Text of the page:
That's where we're headed! The castle on the mountain in the distance...

That’s where we’re headed! The castle on the mountain in the distance…

Schloss (Castle) Lichtenstein is a Gothic Revival castle built on a cliff in the Swabian Alps. Although the original castle was built here in the 12th century, it was destroyed during battle. The new castle was built in 1390 and was considered one of the best Medieval fortresses of all time as it withstood every single attack, but when it lost its role as a Lordly ducal seat in 1567, it fell into disrepair. In 1840, Count Wilhelm purchased the property from the King, removed the top half of the castle and rebuilt it as a premier hunting lodge for himself, his friends, and distinguished guests from around the country. The castle was inaugurated in 1842 with the King present. An interesting fact: the Count personally designed the plans for the rebuilding, as well as furnished and decorated the entire property himself as he had a flair for style. Today, the property is still owned by the Dukes of Urach, Count Wilhelm’s descendants, but is open to the public for a few months each year.



City of Honau in the valley in the distance…

This was one of our favorite castles we’ve ever visited. For starters, it’s just beautiful- the castle, the grounds surrounding it, the miles and miles of beauty that can be seen in any given direction from its walls…But more than that, it just has the best ‘cozy’ feel going on inside. I know that’s a funny word to use in relation to a castle, but it’s really true. Its rooms are small, warm and inviting. The furnishings are soft and rich and detailed. The stain glass windows cast the most beautiful colored sunlight all across the wooden floors…You leave there thinking to yourself, ‘I totally would’ve loved a weekend there with friends spent hunting (OK, so I wouldn’t do this part, but I know some would!), fellowshipping, eating, drinking and being merry!’ Unfortunately, they don’t allow pictures inside, so you’ll just have to take my word for it!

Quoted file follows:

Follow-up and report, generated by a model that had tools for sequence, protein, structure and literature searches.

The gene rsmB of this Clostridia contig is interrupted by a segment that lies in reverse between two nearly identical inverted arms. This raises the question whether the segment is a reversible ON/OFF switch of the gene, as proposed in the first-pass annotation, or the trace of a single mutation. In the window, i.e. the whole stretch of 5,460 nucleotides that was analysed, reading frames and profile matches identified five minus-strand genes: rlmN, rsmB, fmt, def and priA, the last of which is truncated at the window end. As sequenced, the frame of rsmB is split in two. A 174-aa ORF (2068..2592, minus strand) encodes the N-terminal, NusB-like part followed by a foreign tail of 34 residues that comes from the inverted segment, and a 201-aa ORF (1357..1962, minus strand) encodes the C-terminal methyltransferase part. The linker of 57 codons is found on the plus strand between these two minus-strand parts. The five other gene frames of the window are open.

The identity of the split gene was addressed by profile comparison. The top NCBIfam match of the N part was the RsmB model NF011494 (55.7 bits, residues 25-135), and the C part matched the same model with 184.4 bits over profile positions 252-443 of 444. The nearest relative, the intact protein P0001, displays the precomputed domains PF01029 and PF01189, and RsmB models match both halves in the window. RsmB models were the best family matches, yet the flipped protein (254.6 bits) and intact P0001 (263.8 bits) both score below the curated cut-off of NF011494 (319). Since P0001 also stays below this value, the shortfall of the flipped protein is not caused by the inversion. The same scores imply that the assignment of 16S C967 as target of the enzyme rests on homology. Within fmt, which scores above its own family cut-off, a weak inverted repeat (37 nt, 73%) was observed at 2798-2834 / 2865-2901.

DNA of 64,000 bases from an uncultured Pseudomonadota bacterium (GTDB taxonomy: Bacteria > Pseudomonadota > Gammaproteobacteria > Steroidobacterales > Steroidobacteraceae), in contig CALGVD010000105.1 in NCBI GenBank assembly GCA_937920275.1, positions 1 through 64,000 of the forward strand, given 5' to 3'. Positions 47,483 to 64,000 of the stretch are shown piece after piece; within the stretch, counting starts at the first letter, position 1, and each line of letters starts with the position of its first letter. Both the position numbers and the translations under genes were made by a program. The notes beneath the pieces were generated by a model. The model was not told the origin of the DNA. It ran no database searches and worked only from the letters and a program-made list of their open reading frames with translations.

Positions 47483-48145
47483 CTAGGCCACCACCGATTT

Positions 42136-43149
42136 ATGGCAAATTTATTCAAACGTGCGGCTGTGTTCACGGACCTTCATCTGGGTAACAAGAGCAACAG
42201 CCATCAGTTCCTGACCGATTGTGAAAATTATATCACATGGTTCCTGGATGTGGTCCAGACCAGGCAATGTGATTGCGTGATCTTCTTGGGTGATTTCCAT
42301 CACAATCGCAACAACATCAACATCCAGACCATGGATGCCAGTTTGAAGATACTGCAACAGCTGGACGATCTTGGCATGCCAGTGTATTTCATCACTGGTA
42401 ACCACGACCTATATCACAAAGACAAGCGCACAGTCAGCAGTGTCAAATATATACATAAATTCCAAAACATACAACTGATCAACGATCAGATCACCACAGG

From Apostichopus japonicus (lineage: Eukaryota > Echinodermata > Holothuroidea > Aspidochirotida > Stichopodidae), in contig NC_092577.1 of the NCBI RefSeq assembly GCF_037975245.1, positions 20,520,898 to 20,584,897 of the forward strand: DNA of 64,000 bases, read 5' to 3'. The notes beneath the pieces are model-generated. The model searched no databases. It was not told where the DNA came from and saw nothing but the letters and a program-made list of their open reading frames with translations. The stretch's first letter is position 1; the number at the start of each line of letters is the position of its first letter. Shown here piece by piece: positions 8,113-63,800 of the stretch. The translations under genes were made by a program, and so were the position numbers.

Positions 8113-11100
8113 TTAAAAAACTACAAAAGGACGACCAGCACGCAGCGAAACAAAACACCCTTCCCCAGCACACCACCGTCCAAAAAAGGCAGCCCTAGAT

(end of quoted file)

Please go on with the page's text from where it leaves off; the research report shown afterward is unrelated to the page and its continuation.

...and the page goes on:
Look at that view!

Look at that view!


Main entrance over the drawbridge...

Main entrance over the drawbridge…


Painted Bark Tree

Painted Bark Tree (Hi, Mom!)




Wasn’t that the most fun for a Saturday?! We even made it home in time to try out a new burrito place for dinner! And I’m happy to report that it was pretty darn tasty! Similar to Moe’s if I had to compare. We’ve been on the hunt for decent Mexican since we got here- just like we were in Wiesbaden in the spring and five years ago when we were here- and were just about ready to throw in the towel , but Burreatos hit the spot! BAZINGA! No, it’s not amazing and not an exact match, but it was chips and salsa and burritos in an actual tortilla so we’ll take it! 😉


Hope everyone has a great week!

6 Responses to “Caves and Castles”

  1. Marilyn Deatley November 10, 2015 at 3:43 AM #

    Enjoyed reading about your castle adventure as i do all you write about. PIctures were great too.

  2. Kathi Williams November 10, 2015 at 2:10 AM #

    Best pictures ever – miss you all!

  3. Robin November 9, 2015 at 11:22 PM #

    Beautiful pictures of the castle and surroundings but I especially love the ones of you and John and Neve. You all look so happy. Sounds like a great weekend.

  4. Eleanor November 9, 2015 at 8:26 PM #

    Love this! I feel I was with you on this day. I can just imagine Neve loving the cave and the castle. Thanks for sharing a fun day! Lived in a cave??? I do not think I knew that! Would love to hear all about that adventure one day!

  5. Anne Lambert November 9, 2015 at 4:25 PM #

    Love the castle, beautiful. But the cave you can keep, ha. I HATE caves. Can’t believe you lived in a cave for 3 weeks Erin, you are nuts! Ha! Neve truly seems to be enjoying her adventures!


  1. Happy Easter, Y’all! | Thomas Wanderings... - April 20, 2017

    […] and I also did a little daytrip over to Burg Lichtenstein, which is another of our favorites. It’s small and quaint, yet so charming and regal the way […]